rediff.com

NewsApp (Free)

Read news as it happens
Download NewsApp

Available on  

Rediff News  All News 
Rediff.com  » News » Congress for an unsparing, criticising campaign against Modi

Congress for an unsparing, criticising campaign against Modi

February 27, 2014 21:01 IST

While all poll surveys point to an overwhelming anti-Congress mood in the country, there is a growing consensus in the grand old party that it has no reasons to be defensive and should instead run an aggressive campaign against Bharatiya Janata Party’ prime ministerial candidate Narendra Modi by questioning his administrative acumen and underlining the corporate support he enjoys, says Anita Katyal

Several Congress leaders made this point at the first meeting of the 50-member election campaign committee called by party president Sonia Gandhi on Thursday to elicit suggestions about the poll campaign.

Although Sonia has personally announced that the Congress will not be declaring a prime ministerial candidate before the Lok Sabha polls, a number of speakers raised this issue at Thursday’s meeting. It was pointed out that the Congress should declare Rahul Gandhi as its PM candidate as the Congress vice-president would then be taken more seriously by the media and the people.

Sonia admitted that the Congress faces a tough electoral challenge but urged the party to put up a united fight while underlining that the campaign should highlight the achievements of the United Progressive Alliance government.

Faced with a credibility crisis and 10 years of anti-incumbency, the Congress appears to be fighting a losing battle. Modi’s popularity ratings are soaring as he has succeeded in projecting himself as a decisive, strong and competent leader as against a corrupt and ineffective Congress-led UPA government.

Showcasing his achievements in Gujarat, Modi has been promising to “change the face of India” on the same lines as he has done in his home state.

Participating in the deliberations, Information and Broadcasting Minister Manish Tewari pointed out that the party was initially in two minds about launching a frontal attack against Modi, it should not hesitate in doing so now since the Gujarat chief minister has been named the BJP’s prime ministerial candidate.

The Congress, according to him, should be unsparing in criticising and questioning Modi, especially with regard to the claims made about his governance record. Tewari maintained that the Congress should rebut Modi’s declarations on every point and expose how the corporate sector is backing his candidature.

At the same time, he suggested that senior  leaders should not react individually to Modi’s public statements and that instead this task be entrusted to the Congress media managers  who should instead respond exhaustively to the BJP prime ministerial candidate’s claims during the daily press briefings.

Endorsing Tewari’s suggestions, Gujarat’s Tushar Chaudhary said that Modi’s administrative lapses in his home state should be highlighted more aggressively at the national level. While there was all-round agreement that the Congress should not shy away from attacking Modi, there was also a consensus that the party should hard-sell the UPA government achievements in its election campaign.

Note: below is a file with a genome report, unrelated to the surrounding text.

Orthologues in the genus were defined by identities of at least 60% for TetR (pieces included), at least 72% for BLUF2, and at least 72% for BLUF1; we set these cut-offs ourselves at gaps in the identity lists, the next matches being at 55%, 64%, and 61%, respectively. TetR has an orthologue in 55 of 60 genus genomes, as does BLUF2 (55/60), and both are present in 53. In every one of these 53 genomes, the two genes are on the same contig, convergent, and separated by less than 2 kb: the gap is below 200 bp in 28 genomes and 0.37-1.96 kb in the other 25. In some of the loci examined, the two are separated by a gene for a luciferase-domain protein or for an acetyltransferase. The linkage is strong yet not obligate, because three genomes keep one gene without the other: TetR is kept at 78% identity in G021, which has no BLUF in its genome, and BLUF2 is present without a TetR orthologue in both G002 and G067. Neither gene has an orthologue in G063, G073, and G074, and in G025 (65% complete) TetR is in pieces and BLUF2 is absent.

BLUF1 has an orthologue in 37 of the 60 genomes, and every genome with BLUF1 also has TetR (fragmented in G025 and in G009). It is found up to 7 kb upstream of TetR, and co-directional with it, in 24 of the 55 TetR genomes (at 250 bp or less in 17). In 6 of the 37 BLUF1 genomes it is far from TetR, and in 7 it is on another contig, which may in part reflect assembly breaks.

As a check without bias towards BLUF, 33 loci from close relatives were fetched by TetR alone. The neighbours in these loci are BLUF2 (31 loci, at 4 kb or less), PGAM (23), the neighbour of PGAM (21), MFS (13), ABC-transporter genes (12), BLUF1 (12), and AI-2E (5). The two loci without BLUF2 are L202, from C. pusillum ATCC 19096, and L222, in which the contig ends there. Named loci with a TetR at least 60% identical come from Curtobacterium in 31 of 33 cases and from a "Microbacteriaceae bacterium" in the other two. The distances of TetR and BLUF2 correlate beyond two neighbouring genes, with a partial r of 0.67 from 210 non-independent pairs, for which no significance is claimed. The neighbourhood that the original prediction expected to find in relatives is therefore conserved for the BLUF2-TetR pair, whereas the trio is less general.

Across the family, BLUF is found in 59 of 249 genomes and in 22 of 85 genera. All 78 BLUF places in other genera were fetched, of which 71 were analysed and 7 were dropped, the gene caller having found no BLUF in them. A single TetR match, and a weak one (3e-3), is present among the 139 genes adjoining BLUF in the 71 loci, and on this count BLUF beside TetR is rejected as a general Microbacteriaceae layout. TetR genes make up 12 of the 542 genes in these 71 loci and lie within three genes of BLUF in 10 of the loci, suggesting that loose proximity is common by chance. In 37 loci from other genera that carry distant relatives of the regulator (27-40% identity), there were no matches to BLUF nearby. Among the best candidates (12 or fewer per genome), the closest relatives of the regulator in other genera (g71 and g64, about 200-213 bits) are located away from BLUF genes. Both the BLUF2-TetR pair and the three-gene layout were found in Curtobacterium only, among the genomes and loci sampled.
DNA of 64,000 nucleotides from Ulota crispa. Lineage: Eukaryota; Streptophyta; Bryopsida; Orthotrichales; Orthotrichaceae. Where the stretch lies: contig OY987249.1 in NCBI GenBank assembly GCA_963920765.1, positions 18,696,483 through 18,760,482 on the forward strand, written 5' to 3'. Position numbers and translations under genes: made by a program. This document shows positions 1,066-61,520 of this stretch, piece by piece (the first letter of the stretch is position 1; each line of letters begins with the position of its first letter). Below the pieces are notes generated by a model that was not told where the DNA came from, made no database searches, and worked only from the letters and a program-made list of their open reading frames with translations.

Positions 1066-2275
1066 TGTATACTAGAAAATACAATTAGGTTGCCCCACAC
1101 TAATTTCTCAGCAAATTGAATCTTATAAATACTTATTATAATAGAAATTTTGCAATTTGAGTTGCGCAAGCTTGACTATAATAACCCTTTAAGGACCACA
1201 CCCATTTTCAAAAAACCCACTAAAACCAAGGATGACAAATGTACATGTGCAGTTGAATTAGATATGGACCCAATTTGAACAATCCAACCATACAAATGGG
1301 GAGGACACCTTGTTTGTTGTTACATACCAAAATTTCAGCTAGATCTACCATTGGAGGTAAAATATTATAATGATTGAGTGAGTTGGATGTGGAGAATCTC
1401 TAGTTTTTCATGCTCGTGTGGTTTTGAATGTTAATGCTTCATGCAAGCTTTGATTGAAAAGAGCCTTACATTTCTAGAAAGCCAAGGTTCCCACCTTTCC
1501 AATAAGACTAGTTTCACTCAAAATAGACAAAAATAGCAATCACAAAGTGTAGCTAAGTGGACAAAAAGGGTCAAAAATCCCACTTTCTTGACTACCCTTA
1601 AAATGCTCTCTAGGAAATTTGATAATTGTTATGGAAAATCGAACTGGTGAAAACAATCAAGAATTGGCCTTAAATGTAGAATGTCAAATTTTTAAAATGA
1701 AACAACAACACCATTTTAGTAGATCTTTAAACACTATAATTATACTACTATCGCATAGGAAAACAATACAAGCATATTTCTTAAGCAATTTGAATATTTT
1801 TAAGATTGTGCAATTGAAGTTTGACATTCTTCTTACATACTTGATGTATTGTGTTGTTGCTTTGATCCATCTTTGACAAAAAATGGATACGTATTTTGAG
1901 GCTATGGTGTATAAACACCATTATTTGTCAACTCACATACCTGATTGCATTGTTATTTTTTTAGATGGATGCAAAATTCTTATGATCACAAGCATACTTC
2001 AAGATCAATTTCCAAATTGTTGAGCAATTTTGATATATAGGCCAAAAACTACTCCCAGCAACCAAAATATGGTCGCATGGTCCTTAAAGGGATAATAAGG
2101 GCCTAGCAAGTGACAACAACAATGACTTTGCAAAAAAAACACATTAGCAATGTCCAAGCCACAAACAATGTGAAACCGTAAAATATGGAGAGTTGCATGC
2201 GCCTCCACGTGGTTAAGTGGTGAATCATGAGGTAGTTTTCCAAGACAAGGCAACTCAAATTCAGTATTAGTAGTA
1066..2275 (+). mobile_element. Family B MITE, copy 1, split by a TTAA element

While Sonia made this point in her opening remarks, Tewari told the meeting that since the government’s official campaign will have to be called off once the model code of conduct is in place, the ruling alliance’s accomplishments should be incorporated in the party’ poll campaign.

All efforts in this regard have so far failed to make an impact.

In fact, Congress strategists are unable to fathom why there are so few takers when they tell their side of the story. While most people are not willing to listen, others are unwilling to believe the government and the party.

Several Congress leaders have repeatedly admitted that the party’s “media and communication” strategy had been ineffective.

Taking a cue from Sonia’s opening statement, former Union minister Kumari Selja agreed that the Congress had no reason to be defensive. “Why should we be on the backfoot? After all, we have a strong leadership, a network of cadres, government’s achievements and a future vision,” she underlined, adding that the party should go ahead with full confidence.

Other participants urged the leadership to ensure that tainted candidates are not given tickets and that the lists of contestants early, extensive padyatras be undertaken to connect with the people and galvanise party cadres. It has been suggested that Congress vice-president, who is leading the party campaign, should undertake padyatras and address rallies in at least 300 parliamentary constituencies.

While the meeting’s proceedings went off smoothly, All India Congress Committee general secretary Gurudas Kamat struck a discordant note when he objected to a note issued a few days ago directing  all party functionaries to ensure that padyatras are conducted  in the states under their charge before the model code of conduct comes into effect.

“Is it possible to undertake such a mammoth job in such a short time,” he asked.

Thursday’s meeting comes shortly after Rahul had an informal meeting with members of the Congress Working Committee last week where he discussed the party’s campaign strategy and invited suggestions for inclusion in the election manifesto.

In addition, Rahul has held a series of meetings with different social groups for their feedback for the party’s manifesto as he wants this to be a participatory exercise.

Anita Katyal in New Delhi